I have spent a fair amount of time in SE Asia over the years and relish in discovering new places and meeting new people. The experiences you have in destinations like Laos, Cambodia, Vietnam and Thailand can not be replicated anywhere and I have some incredible memories.
One that sticks in my mind and brings a smile to my face – and a tear to my eye – is a time in the Seuang River region, north of Luang Prabang in Laos. I was visiting a group of Australian nursing and midwifery students who were taking part in a health outreach project in conjunction with the local health district; the group had set up their mobile clinic in a little village that had no electricity or running water but the friendliest group of people you could meet. Kids ran around bare foot and little old ladies sat outside their ramshackle houses smoking their pipes and nattering with their neighbours.
Occasionally the local health care worker may visit to assist, but generally the women cope well enough on their own and natural births are the norm rather than the exception
The group had been told that a baby had been born a couple of nights before and that neither mum nor baby were doing too well. Areas like the Seuang River in Laos do not have antenatal services and mums give birth at home with the help of family and neighbours. Occasionally the local health care worker may visit to assist but generally the women cope well enough on their own and natural births are the norm rather than the exception as they seem to be all too often in the Western world these days. The lady in question had had a fairly traumatic labour but a healthy boy had been born and no one was too worried. When the group of midwifery students visited the home however they found mum sleeping and looking incredibly worn out and pale and a poor baby boy struggling for air and obviously in distress.
At first the group of Australians were incredibly overwhelmed and emotional. There was little they could do they thought as it was obvious the mum was not breast-feeding and the baby was therefore starving to death after only a few days after entering this world. The group’s supervisor however was more positive and took matters into her own hands. Within a few hours she had the baby feeding successfully from mum and had provided education on how best she could cope over the next crucial 48 hours. It was touch and go but by the time the group left to travel home to Australia ‘Tommy’ was thriving and mum had a smile on her face and colour back in her cheeks – and a group of young Australian students had been taught in a way not achievable in a lecture theatre back home. A few years on Tommy is now running around the village – which now has electricity and running water of a kind thanks to visiting groups of responsible tourists – causing mischief but still putting a smile on his mum’s face.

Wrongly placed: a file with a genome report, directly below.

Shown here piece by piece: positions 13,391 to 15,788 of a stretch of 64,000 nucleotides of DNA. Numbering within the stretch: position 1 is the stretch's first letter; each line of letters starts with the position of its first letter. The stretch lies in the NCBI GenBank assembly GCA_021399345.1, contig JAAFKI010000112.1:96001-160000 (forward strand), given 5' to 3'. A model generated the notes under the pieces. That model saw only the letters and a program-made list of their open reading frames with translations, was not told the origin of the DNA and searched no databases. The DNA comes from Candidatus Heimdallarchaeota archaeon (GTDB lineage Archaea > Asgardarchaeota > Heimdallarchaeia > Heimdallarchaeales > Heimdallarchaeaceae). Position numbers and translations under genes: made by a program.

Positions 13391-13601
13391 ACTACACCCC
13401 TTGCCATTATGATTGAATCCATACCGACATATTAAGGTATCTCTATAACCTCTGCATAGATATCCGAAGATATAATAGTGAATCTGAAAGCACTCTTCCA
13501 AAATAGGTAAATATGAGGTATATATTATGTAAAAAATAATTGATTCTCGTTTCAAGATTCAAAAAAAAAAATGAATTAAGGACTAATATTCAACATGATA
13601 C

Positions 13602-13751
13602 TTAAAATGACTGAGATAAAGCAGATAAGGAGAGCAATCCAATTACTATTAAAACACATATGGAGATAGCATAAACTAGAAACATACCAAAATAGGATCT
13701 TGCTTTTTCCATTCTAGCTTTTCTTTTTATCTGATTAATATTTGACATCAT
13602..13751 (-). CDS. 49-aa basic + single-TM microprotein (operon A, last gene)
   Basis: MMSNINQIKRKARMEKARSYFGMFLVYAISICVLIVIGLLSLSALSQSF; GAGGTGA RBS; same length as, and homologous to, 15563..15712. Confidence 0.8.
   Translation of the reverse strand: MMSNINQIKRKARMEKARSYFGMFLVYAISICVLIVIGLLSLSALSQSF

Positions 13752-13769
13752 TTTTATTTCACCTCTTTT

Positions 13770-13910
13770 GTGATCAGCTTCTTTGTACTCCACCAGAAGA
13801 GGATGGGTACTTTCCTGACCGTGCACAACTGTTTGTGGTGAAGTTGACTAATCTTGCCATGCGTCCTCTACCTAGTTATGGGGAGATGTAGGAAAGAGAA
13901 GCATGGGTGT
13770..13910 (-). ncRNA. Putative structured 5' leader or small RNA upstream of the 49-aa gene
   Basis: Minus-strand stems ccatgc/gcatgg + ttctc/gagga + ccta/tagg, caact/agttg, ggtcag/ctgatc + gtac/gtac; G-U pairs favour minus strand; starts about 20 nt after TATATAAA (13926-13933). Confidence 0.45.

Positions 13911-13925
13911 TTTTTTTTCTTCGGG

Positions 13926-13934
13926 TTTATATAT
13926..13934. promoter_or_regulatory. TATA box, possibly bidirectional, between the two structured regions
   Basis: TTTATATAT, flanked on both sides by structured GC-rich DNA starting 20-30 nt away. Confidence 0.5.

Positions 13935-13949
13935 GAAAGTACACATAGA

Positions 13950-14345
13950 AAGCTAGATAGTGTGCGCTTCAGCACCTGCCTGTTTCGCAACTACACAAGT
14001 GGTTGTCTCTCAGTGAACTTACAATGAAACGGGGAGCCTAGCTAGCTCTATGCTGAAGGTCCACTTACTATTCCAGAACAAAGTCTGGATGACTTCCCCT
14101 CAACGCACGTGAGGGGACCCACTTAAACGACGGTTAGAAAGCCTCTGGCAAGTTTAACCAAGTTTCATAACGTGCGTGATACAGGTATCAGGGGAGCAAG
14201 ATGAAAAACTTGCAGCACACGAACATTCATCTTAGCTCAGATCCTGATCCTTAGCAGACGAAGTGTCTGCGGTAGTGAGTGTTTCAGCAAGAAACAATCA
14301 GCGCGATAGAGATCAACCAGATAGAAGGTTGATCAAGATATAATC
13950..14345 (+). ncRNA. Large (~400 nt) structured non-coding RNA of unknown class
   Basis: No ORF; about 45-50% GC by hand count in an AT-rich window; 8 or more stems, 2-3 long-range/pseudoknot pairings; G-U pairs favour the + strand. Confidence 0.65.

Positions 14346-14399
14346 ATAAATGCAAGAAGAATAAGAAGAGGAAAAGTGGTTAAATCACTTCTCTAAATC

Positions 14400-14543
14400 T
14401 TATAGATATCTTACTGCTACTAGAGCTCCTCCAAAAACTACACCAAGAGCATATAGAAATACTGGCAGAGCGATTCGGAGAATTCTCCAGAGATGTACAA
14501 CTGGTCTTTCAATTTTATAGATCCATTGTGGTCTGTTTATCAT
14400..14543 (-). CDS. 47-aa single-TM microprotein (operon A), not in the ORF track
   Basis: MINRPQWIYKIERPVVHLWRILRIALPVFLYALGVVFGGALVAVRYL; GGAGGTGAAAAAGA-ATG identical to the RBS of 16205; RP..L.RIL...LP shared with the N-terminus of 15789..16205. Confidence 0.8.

It’s experiences like this that make me proud to work within responsible travel, not only for the effects it can have on local communities but to those that choose to travel through them.
Through her work in Southeast Asia, she has been instrumental in ensuring promotion and partnership of child safe organisations within the tourism industry.
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